manner, Defendants intentionally inflicted emotional distress upon them. See id. at 24, 29.
A. Legal Standard
Federal Rule of Civil Procedure 12(b)(3) provides a basis for dismissing a complaint for
improper venue. See Fed. R. Civ. P. 12(b)(3). “To prevail on a motion to dismiss for improper
venue, the defendant must present facts that will defeat the plaintiff’s assertion of venue.”
Ananiev v. Wells Fargo Bank, N.A., 968 F. Supp. 2d 123, 129 (D.D.C. 2013) (internal citations
omitted). However, the burden remains on the plaintiff to prove that venue is proper when an
objection is raised, “since it is the plaintiff’s obligation to institute the action in a permissible
forum.” McCain v. Bank of America, No. 13-1418, 2014 U.S. Dist. LEXIS 11499, at *10 (Jan.
30, 2014); see also 14D Charles Alan Wright et al., Federal Practice and Procedure § 3826 (3d
ed. 2012) (“[W]hen [an] objection has been raised, the burden is on the plaintiff to establish that
the district he chose is a proper venue.”). In determining if venue is proper, courts must accept
the plaintiff’s well-pled factual allegations as true, resolve any factual conflicts in the plaintiff’s
favor, and draw all reasonable inferences in favor of the plaintiff. See Hunter v. Johanns, 517 F.
Supp. 2d 340, 342 (D.D.C. 2007); Davis v. Am. Soc’y of Civil Eng’rs, 290 F. Supp. 2d 116, 121
(D.D.C. 2003). The court need not accept the plaintiff’s legal conclusions as true, 2215 Fifth St.
Assocs. v. U–Haul Int’l, Inc., 148 F. Supp. 2d 50, 54 (D.D.C. 2001), but the defendant must also
present facts that will defeat the plaintiff’s assertion of venue in order to prevail on the motion,
Hunter, 517 F. Supp. 2d at 342. If venue is improper, district courts are required to “dismiss, or if
it be in the interest of justice, transfer” a case pursuant to the federal venue statute, 28 U.S.C. §
1406(a). The decision whether to transfer or dismiss “rests within the sound discretion of the
district court.” Naartex Consulting Corp. v. Watt, 722 F.2d 779, 789 (D.C. Cir. 1983) (internal
B. Improper Venue
Lehman Brothers and SASCO argue that venue is improper because none of the
defendants reside in Washington, D.C. and the events giving rise to the action occurred in
Florida. See Def.’s Mot., ECF No. 12-1, at 6. Venue is proper in a district where the defendant
resides if all defendants are residents of the State in which the district is located pursuant to 28
U.S.C. § 1391(b)(1), in a district where events giving rise to the claim took place pursuant to 28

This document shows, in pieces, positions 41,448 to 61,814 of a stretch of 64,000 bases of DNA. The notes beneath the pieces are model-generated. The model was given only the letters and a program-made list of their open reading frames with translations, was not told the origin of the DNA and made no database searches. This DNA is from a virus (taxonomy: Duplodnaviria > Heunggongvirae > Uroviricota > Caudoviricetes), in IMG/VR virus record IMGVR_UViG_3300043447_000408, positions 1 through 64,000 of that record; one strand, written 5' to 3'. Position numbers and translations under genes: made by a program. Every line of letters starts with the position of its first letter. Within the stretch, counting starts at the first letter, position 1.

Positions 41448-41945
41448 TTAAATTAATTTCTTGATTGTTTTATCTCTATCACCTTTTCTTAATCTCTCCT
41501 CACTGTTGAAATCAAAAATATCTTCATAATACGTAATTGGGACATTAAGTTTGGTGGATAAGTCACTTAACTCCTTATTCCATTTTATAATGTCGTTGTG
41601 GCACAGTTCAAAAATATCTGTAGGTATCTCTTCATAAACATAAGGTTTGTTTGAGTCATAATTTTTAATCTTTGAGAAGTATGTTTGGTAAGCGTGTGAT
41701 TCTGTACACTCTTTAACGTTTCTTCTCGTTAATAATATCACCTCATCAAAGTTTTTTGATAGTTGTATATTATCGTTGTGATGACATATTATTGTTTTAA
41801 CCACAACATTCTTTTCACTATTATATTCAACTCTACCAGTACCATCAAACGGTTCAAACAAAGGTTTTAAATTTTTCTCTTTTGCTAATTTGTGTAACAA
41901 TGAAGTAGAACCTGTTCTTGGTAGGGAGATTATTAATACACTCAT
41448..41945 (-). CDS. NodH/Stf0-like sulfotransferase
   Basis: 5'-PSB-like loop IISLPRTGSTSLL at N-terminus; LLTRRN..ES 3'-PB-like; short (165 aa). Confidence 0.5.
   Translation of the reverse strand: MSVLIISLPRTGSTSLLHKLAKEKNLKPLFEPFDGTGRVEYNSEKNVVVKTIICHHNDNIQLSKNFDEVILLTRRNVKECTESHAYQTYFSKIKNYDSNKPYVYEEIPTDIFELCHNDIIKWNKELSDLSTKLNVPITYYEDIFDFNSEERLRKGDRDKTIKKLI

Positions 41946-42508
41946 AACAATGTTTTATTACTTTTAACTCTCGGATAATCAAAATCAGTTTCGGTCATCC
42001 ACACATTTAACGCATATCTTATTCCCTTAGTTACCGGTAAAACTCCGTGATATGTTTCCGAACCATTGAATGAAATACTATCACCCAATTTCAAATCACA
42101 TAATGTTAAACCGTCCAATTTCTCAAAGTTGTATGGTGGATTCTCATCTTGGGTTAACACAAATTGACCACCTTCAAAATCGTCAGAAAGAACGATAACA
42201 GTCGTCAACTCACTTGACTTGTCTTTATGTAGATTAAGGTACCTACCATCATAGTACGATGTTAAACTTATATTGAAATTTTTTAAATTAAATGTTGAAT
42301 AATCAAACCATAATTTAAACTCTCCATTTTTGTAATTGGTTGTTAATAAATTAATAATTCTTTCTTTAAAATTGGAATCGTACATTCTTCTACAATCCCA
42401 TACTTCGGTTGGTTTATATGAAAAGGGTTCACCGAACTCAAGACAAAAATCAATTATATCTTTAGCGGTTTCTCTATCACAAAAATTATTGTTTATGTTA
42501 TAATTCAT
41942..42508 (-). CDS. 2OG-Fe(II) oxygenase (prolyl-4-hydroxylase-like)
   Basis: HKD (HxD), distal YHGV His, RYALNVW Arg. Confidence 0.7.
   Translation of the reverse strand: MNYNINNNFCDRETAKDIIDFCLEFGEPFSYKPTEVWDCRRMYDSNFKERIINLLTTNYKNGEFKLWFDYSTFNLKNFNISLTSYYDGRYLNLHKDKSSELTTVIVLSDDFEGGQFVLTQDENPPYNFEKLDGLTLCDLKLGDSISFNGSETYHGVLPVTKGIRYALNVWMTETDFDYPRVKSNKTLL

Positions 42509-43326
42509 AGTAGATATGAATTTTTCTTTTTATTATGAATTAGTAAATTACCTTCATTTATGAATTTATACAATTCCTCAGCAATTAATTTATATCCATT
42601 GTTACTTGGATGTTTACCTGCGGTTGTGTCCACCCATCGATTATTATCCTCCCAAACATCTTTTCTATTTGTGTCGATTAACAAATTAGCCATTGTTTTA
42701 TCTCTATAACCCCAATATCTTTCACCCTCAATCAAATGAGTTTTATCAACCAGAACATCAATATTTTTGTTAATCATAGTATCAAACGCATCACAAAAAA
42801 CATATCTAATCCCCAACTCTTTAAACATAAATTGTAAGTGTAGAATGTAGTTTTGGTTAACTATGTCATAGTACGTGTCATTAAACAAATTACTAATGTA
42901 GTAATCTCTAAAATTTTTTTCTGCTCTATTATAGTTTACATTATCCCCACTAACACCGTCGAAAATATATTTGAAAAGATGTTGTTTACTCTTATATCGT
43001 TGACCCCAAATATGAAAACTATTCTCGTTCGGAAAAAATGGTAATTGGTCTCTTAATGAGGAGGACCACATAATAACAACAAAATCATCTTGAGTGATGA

U.S.C. § 1391(b)(2), or if there is no district in which an action may otherwise be brought, a
district in which any defendant is subject to the court’s personal jurisdiction with respect to such
action pursuant to 28 U.S.C. § 1391(b)(3). The Supreme Court has held that “[w]hether venue is
‘wrong’ or ‘improper’ depends exclusively on whether the court in which the case was brought
satisfies the requirements of the federal venue laws.” Atl. Marine Constr. Co. v. United States
Dist. Court, 134 S. Ct. 568, 577 (2013).
Lehman Brothers and SASCO argue that venue cannot be justified under 28 U.S.C. §
1391(b)(1) because none of the Defendants reside in Washington, D.C. See Def.’s Mot., ECF
No. 12-1, at 6. The Plaintiffs do not address these assertions in their opposition memorandum. 1
See generally Pl.’s Mem. in Opp’n, ECF No. 14, Apr. 8, 2014, at 2-4. It is clear, however, from
the Complaint that the Plaintiffs do not allege that any Defendant resides in Washington, D.C.
See Compl., ECF No. 1, at 1 (listing Defendants addresses as being in California, Massachusetts,
and New York). Based on this determination, 28 U.S.C. § 1391(b)(1) cannot be used as a basis to
assert that venue is proper, as this district is not one in which any defendant resides, nor do all
Defendants reside in the District of Columbia.
Next, Lehman Brothers and SASCO argue that 28 U.S.C. § 1391(b)(2) is not a basis for
venue because the events giving rise to the action occurred in Florida. See Def.’s Mot., ECF No.
12-1, at 6. The Plaintiffs’ Complaint does not allege any facts suggesting that the home’s
purchase or financing took place in the District of Columbia. See generally Compl., ECF No. 1.